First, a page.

The biggest challenge for brain machine interfaces (BMI) is to detect fast in brain signals what movement a human wants to perform. The best performance for (even two class) decoders up till now has not exceeded 70% when movements are not made (only imagined). Even when subjects make movements, accuracy of decoded performance has never exceeded 85% without including the signals related to the movement. In this project, in collaboration with Yasuharu Koike of Tokyo Institute of Technology (TIT) and Hideyuki Ando of Osaka University, we have developed a novel methodology that increases this performance radically, giving performance of ~90% correct intention decoding within 100ms of the subject intention imagination (Science Advances 4 (5) eaaq0183).  Specifically, motivated by the motor neuroscience studies (including our own) on the forward models in the brain, we proposed to decode not what movement a user wants/imagines, but whether the movement they want matches (or not) the sensory feedback sent to them (using a subliminal stimulator). This work has led to a patent application by CNRS, AIST and TIT (International patent PCT/FR2016/051813: 2016001348), and a Japanese patent application (特願2020-108549), and was reported in the CNRS magazine. In the past 3 years, we are collaborating with the group of Prof. N Birbaumer in Tuebingen Germany to explore the use this technique for communication with locked in syndrome patients. The first results  with an ALS patient was reported in Yoshimura et al. 2021 (Cerebral Cortex tgab046).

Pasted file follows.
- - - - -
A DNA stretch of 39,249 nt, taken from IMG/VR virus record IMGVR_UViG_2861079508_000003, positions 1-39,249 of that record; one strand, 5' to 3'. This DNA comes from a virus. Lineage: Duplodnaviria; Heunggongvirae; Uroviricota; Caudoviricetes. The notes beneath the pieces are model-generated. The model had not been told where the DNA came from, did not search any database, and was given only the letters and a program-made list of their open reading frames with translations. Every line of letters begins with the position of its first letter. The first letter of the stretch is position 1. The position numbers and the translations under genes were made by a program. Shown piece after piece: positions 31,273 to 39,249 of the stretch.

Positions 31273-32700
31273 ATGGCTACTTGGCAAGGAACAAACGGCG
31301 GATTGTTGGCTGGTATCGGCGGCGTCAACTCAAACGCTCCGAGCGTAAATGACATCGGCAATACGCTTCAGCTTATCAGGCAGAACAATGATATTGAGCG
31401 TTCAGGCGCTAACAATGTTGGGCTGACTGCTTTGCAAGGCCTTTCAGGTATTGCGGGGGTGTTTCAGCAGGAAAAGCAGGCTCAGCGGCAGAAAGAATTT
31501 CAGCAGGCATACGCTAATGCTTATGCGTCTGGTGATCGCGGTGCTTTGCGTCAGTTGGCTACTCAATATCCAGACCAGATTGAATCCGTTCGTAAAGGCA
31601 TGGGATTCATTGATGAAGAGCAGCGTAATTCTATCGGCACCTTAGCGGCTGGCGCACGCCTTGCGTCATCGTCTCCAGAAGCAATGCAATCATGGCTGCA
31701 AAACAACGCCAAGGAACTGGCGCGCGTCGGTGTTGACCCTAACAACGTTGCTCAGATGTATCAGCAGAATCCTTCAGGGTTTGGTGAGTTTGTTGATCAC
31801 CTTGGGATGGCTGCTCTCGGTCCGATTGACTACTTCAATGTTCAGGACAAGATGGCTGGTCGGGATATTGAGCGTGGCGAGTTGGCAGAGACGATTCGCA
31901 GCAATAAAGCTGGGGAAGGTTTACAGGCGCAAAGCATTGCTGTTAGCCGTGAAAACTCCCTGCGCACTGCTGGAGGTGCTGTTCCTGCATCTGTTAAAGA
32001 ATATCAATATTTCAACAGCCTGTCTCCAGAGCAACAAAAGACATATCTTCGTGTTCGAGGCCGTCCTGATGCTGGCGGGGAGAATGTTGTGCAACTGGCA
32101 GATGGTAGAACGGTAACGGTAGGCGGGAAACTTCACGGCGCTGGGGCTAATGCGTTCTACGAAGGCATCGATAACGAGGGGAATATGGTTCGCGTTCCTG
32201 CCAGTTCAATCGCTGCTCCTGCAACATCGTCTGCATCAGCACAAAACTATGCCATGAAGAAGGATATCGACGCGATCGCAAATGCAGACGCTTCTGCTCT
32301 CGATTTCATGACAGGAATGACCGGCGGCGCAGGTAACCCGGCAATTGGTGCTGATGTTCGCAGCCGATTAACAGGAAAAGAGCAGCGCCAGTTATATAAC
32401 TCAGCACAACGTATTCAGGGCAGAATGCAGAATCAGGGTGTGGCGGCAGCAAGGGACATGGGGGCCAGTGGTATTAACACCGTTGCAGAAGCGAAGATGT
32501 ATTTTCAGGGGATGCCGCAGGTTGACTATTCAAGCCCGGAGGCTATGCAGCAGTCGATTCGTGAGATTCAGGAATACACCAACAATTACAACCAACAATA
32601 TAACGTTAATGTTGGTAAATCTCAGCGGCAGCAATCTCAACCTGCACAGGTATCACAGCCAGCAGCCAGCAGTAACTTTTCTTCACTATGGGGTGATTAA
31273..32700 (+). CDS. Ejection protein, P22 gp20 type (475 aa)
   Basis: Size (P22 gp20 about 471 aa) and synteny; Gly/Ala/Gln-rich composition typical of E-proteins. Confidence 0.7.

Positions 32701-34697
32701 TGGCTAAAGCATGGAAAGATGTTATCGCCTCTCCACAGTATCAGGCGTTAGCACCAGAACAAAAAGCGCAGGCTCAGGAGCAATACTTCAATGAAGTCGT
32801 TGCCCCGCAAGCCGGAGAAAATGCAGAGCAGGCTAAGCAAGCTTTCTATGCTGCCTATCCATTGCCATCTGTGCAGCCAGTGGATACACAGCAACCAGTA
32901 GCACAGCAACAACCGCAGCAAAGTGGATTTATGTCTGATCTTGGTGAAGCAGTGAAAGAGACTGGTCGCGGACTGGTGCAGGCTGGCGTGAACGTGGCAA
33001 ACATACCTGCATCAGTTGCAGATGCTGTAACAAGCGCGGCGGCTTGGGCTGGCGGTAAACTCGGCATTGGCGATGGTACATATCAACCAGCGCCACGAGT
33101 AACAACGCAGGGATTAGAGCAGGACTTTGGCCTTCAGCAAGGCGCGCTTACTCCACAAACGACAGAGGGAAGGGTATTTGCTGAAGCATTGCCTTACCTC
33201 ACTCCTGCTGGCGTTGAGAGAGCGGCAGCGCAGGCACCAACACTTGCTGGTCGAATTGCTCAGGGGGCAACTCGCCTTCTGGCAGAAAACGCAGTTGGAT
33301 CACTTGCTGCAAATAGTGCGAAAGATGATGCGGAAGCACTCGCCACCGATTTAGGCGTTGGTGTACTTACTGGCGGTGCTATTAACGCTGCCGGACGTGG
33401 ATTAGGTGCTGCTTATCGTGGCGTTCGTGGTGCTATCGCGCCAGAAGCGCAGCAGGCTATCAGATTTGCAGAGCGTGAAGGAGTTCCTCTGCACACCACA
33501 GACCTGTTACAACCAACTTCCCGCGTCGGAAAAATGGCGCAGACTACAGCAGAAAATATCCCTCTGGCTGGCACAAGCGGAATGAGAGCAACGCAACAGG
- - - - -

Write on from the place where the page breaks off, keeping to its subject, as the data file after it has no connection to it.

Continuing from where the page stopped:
Yoshimura, K. Umetsu, A. Tonin, Y. Maruyama, K. Harada, A. Rana, G. Ganesh, U. Chaudhary, Y. Koike, N. Birbaumer (2021). Binary semantic classification using cortical activation with Pavlovian- conditioned vestibular responses in healthy and locked-in individuals, Cerebral Cortex Communicationstgab046,

Shi Y, G. Ganesh, H. Ando, Y. Koike, E. Yoshida, N. Yoshimura (2021). Galvanic Vestibular Stimulation-Based Prediction Error Decoding and Channel Optimization. Int J Neural Syst. 2021 Nov;31(11):2150034. doi: 10.1142/S0129065721500349.

Ganesh,K. Nakamura, S. Saetia, AM. Tobar, E. Yoshida, H. Ando, N. Yoshimura, Y. Koike (2018). Utilizing sensory prediction errors for movement intention decoding: a new methodology. Science Advances. 4 (5): eaaq0183.

Nakamura, G. Ganesh, AM Tobar, S. Suetia, N. Yoshimura, E. Yoshida, H. Ando, Y. Koike (2017). Utilizing prediction errors to decode movement intention: a new technique. 17th Winter workshop on the mechanisms of brain and mind, January 2017.

Tool cognition in robots

Tool cognition in robots